With Donald Trump’s tweet this morning that he has chosen Indiana Governor Mike Pence as his running mate for U.S. president, a lot of non-Hoosiers and non-wonks could be forgiven for asking “Mike who?” The one-term governor and former congressman is seen as shoring up Trump’s hazy conservative credentials, but he certainly lacks the starpower that has been the one constant for Trump as an individual.
But Pence – who had considered his own presidential bid last year — did enter national headlines in 2015 as when he first signed, then backed away, from Indiana’s Religious Freedom Restoration Act. That law prevented local and state governments from “substantially burdening a person’s exercise of religion, even if the burden results from a rule of general applicability” – say by refusing to serve gay customers despite an anti-discrimination statute. The backlash to the new law was fast and furious, and fearing boycotts and other economic protests he soon signed a revised law “to clarify that this new judicial standard would not create a license to discriminate or to deny services to any individual as its critics have alleged.”
The whole incident was a case study on several fronts, and the new edition of a book by former Senator Bob Graham (himself a two-term Democratic governor of Florida) and Chris Hand uses the controversy as a case-study. Given the title of their book, America, the Owner’s Manual: You Can Fight City Hall—and Win, the pair focus on the coalition of rights advocates, businesses and even the NCAA that came together to push Indiana’s politicians to retreat. (Graham, by the way, is back in the news today as the full 9/11 report he fought to be made public has been released.)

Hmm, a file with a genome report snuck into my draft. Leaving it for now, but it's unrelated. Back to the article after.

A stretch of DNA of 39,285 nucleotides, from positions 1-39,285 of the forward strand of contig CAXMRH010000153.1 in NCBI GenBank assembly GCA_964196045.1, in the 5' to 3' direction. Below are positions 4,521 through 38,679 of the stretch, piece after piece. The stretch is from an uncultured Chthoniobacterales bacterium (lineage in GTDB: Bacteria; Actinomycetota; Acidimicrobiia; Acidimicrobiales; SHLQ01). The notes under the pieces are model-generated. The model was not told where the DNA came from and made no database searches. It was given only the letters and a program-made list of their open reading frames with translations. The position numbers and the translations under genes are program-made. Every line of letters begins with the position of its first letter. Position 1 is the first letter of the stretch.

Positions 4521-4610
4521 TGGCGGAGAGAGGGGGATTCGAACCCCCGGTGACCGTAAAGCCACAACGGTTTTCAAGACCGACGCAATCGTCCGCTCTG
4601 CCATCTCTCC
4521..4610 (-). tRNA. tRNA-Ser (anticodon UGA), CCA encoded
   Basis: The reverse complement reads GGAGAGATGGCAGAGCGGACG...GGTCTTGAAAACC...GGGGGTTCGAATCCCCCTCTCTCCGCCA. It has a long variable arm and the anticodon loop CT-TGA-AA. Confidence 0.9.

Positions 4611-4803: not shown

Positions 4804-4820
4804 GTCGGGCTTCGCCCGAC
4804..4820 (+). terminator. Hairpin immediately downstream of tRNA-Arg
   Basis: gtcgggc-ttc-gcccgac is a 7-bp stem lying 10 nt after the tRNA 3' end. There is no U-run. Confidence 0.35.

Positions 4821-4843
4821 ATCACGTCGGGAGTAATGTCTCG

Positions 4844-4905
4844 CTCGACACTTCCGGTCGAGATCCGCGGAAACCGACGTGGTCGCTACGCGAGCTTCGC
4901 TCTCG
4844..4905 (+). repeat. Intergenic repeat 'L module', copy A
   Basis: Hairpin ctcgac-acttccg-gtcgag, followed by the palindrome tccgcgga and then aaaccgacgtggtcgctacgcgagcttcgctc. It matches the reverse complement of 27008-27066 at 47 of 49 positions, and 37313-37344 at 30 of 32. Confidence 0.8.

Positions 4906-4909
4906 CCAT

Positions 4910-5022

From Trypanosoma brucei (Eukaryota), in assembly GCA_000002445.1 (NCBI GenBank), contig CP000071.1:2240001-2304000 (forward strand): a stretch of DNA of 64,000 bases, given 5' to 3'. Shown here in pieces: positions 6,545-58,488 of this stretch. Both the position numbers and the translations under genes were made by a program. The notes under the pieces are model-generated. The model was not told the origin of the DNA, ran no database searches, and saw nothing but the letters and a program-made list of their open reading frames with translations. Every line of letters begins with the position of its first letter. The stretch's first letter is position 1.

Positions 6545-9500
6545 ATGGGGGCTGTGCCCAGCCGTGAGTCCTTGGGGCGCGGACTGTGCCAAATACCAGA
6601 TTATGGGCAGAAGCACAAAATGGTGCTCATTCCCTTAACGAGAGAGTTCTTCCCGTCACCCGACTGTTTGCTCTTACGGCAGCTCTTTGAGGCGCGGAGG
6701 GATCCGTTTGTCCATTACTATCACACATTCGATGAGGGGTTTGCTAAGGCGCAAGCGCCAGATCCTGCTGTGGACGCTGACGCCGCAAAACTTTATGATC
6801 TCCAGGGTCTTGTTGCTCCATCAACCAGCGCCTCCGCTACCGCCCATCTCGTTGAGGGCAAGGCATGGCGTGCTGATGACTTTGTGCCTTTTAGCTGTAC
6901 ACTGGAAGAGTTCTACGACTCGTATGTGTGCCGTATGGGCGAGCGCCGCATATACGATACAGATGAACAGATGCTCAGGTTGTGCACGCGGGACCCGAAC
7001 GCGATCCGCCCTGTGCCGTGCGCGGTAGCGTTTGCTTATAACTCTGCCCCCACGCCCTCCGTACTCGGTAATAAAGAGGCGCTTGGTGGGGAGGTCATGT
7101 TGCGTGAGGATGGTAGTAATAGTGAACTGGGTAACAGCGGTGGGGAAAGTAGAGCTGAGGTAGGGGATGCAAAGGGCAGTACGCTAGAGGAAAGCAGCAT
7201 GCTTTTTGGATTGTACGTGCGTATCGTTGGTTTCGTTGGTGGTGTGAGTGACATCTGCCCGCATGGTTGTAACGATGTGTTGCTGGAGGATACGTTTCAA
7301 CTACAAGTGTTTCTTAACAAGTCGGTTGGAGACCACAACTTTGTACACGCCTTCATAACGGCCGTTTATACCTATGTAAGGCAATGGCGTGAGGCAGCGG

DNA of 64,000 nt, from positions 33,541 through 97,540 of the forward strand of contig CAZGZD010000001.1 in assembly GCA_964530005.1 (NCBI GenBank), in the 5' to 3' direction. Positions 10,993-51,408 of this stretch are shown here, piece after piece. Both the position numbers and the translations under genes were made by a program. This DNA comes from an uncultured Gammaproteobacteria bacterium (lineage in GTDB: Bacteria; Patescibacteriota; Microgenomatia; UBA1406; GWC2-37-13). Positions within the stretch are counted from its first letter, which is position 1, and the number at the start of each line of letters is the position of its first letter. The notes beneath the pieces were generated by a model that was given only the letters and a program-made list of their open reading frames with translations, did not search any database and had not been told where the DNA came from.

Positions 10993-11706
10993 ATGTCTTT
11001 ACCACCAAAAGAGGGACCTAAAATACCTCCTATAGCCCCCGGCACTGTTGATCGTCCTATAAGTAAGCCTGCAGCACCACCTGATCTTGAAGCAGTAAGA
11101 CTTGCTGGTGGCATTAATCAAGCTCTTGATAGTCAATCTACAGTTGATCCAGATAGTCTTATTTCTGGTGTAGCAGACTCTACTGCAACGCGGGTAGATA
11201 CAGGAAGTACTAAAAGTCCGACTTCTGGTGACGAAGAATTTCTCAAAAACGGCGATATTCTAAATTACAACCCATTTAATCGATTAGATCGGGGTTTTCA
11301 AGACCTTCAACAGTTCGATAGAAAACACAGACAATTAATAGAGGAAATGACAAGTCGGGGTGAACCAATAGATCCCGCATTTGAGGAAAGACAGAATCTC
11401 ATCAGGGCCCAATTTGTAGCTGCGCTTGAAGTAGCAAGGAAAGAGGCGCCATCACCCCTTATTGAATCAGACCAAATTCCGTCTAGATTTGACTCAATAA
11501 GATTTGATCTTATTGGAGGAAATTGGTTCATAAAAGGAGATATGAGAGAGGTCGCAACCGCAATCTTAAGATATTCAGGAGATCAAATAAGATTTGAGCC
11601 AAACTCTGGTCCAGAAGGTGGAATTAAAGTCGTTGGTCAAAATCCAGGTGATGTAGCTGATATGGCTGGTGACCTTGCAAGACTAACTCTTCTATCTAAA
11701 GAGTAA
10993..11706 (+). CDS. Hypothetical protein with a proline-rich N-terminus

The case, written for the book by the co-founder and CEO of Equality Florida, Nadine Smith, looks at several coalitions built up to oppose official actions seen as discriminating against the LGBTQ community, including the furor over North Carolina’s now notorious bathroom law. America, the Owner’s Manual doesn’t come out until August. You can read the full case study in PDF form by clicking here.
The collateral damage that Indiana suffered from its passage of the first bill is vividly described in the case, which shows a cascade of economic and eventually political blows that both led to the revised law and essentially scuttled Pence’s home-state re-election hopes. The chance to joining the Trump ticket is widely seen as a lifeline for a once-promising political career
The takeaway message from the case study is explicitly universal:
Whether you are a utility ratepayer concerned about new federal air quality regulations, a developer frustrated with the local zoning process, a farmer who wants the state to invest more in research to prevent agriculture disease, or a small businessperson worried about the impacts of a nearby proposed mega shopping center, you are much more likely to succeed if you have the active support of a broad base of citizens and interests.